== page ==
Chief Justice of the Meghalaya High Court, Justice Mohammad Yaqoob Mir administered the oath of office and secrecy to newly appointed governor Tathagata Roy on Saturday.
Roy takes over as the governor of Meghalaya after being transferred from Tripura, the state he had served as governor since May 20, 2015.
“I have set my mind to stay in Tripura for three years … but coming to Meghalaya and Shillong is like homecoming,” reminisced Roy after taking his oath of office at the Raj Bhavan here on Saturday.
Roy swore in the name of God as he read out his oath in a short swearing-in ceremony attended by chief minister, Conrad K Sangma, ministers, Congress MP Vincent H Pala and police and civil officers of the state besides BJP leaders and few RSS functionaries.
No MLAs from the opposition Congress were seen at the function.
Roy replaced Ganga Prasad who has been transferred to Sikkim within a year of taking over as the governor of Meghalaya on October 5 last year.
Roy had a close association with Shillong. He spent his childhood years in this hill city and his younger brother, the MP in West Bengal Prof Saugata Roy, was also born at the Ganesh Das Government Hospital at Lawmali here.
The 73-year old governor was born on September 14, 1945 in Kolkata and had served as professor of Construction Engineering at Jadavpur University. In politics, he was the member of the Bharatiya Janata Party and was the president of the West Bengal state unit of BJP from 2002 till 2006. He was a member of the BJP national executive, the party’s central policy making body from 2002 till May, 2015.
In a brief chat with media persons, the new governor expressed his regret for not getting to complete his term in Tripura, though more than happy to come to Meghalaya.
“Moving from Tripura to Meghalaya, I was a little bit sad because I have set my mind to stay there for three years. But I am happy because coming to Meghalaya and Shillong is like homecoming. I had spent my early childhood years here, and my next younger brother, Saugatha Roy was born here at the Ganesh Das Government Hospital. This city I know like the back of my hand all the way from Garikhana to Happy Valley,” a delighted Roy expressed.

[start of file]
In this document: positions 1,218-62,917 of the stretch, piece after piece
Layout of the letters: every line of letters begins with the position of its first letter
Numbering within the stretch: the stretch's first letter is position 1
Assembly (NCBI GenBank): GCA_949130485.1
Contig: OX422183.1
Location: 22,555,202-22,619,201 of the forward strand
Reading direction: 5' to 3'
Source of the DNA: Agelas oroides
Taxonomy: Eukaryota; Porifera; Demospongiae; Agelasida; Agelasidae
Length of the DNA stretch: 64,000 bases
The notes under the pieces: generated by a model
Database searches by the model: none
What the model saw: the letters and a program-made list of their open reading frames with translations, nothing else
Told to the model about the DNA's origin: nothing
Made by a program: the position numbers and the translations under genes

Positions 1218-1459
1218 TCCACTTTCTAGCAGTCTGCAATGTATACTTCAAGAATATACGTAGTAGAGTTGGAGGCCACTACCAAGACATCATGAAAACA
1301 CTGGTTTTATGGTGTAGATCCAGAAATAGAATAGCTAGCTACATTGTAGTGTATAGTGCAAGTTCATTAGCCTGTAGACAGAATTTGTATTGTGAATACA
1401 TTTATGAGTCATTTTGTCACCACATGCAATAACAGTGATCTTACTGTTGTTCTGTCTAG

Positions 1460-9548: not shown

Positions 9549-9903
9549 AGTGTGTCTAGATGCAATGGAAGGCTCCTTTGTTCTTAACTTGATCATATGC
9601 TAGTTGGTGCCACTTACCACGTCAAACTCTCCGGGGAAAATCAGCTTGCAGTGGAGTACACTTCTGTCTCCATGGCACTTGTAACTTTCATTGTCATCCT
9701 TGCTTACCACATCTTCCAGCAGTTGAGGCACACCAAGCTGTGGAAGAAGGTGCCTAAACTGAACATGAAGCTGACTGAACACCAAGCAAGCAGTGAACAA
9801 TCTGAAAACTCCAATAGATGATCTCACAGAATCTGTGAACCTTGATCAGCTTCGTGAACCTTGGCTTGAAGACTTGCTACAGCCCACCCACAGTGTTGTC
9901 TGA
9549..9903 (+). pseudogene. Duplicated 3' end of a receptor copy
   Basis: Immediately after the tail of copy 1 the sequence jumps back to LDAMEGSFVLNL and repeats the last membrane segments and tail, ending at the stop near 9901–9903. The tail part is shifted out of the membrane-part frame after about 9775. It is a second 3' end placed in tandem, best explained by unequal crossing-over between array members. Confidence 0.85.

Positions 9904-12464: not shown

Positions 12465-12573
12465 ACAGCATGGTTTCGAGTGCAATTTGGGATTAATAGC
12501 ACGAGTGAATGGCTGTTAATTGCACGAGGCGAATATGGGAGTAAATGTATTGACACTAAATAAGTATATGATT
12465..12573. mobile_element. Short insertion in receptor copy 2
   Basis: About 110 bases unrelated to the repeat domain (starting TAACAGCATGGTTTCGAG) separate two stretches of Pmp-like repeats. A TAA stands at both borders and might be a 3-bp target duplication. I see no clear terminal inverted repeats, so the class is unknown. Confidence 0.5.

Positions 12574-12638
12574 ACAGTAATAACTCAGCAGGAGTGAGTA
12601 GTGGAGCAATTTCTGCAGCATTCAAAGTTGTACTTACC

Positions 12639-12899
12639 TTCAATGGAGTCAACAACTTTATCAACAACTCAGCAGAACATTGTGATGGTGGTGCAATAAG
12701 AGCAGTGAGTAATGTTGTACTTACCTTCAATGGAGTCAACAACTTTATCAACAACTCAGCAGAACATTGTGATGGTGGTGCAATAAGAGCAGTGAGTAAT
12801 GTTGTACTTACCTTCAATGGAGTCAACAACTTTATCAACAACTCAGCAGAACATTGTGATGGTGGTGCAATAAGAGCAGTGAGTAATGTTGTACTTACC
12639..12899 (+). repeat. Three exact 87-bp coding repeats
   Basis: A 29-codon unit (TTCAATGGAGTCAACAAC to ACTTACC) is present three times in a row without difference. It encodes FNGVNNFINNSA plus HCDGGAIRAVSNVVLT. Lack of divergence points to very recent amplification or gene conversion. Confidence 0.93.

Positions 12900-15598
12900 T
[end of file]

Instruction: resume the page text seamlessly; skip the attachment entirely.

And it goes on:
Narrating his attachment further, Roy said that all his relatives who were in Shillong have died and their descendants strewn all over the world.
“My last relative was my cousin very close cousin, Heralal Roy, who was a professor at St Anthony’s College here. He was quite a famous person in his own time and he died longtime back about 30 years back. I have a close attachment to this place and I am very happy,” Roy said.
Lamenting at the change that Shillong city had undergone between his childhood years and now, the governor recalled how Shillong was free from traffic jam unlike now.
“The look of the city has changed. When we were children, there was no traffic jam. There were all Assam-typed buildings, and none of these monstrosities that have grown up now. I would like to address these matters of architecture of Shillong at some point of time. But in spite of everything, Shillong is Shillong and I love it,” Roy said.
Asked how he as the governor would address the traffic problem, Roy said, “It is difficult to say so early. I have been associated professionally with traffic jam because I had worked with the Calcutta metro project for close to 18 years, and I know a few things about traffic.”
“To my mind,” the governor said, “Shillong’s topography is such that we cannot widen roads to a large extend and you also cannot build flyovers. What can be done under such circumstances as far as I can see is, to emphasize on public transport than private.”
“If good public transport is arranged, then the road occupancy will be less. In what way private transport will be discouraged is up to the elected government to decide. These are general ideas I have coined earlier also,” the governor winded up.